Thursday, February 11, 2010

The Remains of the Day

Kazuo Ishiguro's 2005 novel Never Let Me Go was one of my favourite books that I read last year. It was with great anticipation that I saw Ishiguro's The Remains of the Day on the Booker Prize list. It was my duty, if you'll pardon the joke, to read this work. Now that I have, let's take a look.

It's 1956 and Stevens, the butler at the famous Darlington Hall, has been given a week's holiday and permission to use the classic Ford to drive around. He intends to see Miss Kenton, a former co-worker from the good old day, and he will try to lure her back to the manor as he needs staff. Throughout his drive, Stevens revisits the memories of these happy days in which his employer, Lord Darlington held conferences to fix the situation in Germany post-WW1, and when Stevens and Kenton had such a great working relationship.

If this isn't one of the most English novels I've ever read, I'm not sure what is. Essentially this is a love story between a butler and a housemaid who are so repressed and so into their jobs that nothing ever comes of it. Every character seems to be completely oblivious to each other, and when there is a moment where the mask slips, the old proper way of doing things takes hold, stifling any real emotion or intimacy.

There are countless examples of this in The Remains of the Day, and probably one of the best examples is when Stevens' father dies. During an extremely important gathering, maybe the biggest for Darlington Hall, Stevens Sr, a footman underneath his son, suffers a stroke and is confined to his bed. He is going to die and he knows it. Stevens the younger, while attending to this great conference, full of important policy-makers, cannot find it in himself to be excused from these proceedings. He must always be on-duty. Being a butler is not a role, he keeps reminding the reader, but is a state of being. When he does go see his dying father, Stevens Sr's mask falls away and he wonders aloud if he's been a good father. The younger Stevens politely laughs and asks if he's feeling any better. There is no moment of tenderness or intimacy or reality for Stevens. All that exists is his duty.

The images and metaphors in this novel are an absolute delight and Ishiguro's construction is impeccable. The job for Stevens is his all, is Ishiguro's objective correlative. One of Ishiguro's common features in his novel is the first person narrator, who by definition, is unreliable. The reader must be an active one, attempting to read between what Stevens is telling us.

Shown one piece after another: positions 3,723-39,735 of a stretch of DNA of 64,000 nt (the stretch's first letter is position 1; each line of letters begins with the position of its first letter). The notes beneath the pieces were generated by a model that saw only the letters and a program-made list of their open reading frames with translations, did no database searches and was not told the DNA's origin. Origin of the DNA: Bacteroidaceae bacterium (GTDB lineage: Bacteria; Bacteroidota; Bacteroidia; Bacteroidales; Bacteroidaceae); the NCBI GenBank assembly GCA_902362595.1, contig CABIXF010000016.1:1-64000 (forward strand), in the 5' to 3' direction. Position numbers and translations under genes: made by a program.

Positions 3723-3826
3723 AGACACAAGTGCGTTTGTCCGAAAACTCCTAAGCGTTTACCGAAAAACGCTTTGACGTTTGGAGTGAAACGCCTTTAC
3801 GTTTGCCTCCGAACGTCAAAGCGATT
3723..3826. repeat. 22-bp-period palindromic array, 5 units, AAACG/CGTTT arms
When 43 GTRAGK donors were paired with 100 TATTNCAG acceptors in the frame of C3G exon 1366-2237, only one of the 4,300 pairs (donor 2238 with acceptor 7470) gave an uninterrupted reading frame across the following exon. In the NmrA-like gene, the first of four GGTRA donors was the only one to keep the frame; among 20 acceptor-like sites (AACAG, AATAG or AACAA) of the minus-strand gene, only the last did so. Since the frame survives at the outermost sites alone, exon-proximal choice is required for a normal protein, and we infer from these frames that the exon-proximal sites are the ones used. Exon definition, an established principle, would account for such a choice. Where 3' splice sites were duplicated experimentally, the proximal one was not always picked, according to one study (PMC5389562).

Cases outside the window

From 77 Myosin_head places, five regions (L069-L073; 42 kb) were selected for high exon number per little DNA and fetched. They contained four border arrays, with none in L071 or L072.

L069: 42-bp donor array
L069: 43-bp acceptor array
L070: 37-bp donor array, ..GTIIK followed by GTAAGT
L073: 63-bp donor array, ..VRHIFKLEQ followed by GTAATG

Stevens' pretext for visiting Miss Kenton is one of professional reasons. The reader knows that it's just a pretext. Stevens misses Miss Kenton quite a bit, and this is evidenced by Stevens re-reading her letter over and over and over, going through it line by line. It's this type of subtlety that lends the novel its excellence.

There is a lot happening in this novel and very worthy of closer inspection. I said a couple posts ago that I measure a novel by how well it could be taught, how much could be teased out. There is no doubt in my mind that The Remains of the Day would be an excellent novel on a course devoted to English literature.

The Remains of the Day is a fascinating complex character study of an archetype, and a character study of Great Britain of the time between the two World Wars. This is as English as it comes, and it is a terrific read. I heartily recommend this novel to all. It is definitely worthy of the Booker Prize.

Next up on my reading table is Wallace Stegner's National Book Award-winning The Spectator Bird, E. M. Forster's Howards End, and Booker Prize-winning The Moon Tiger by Penelope Lively. Check back for reviews and thanks for reading.

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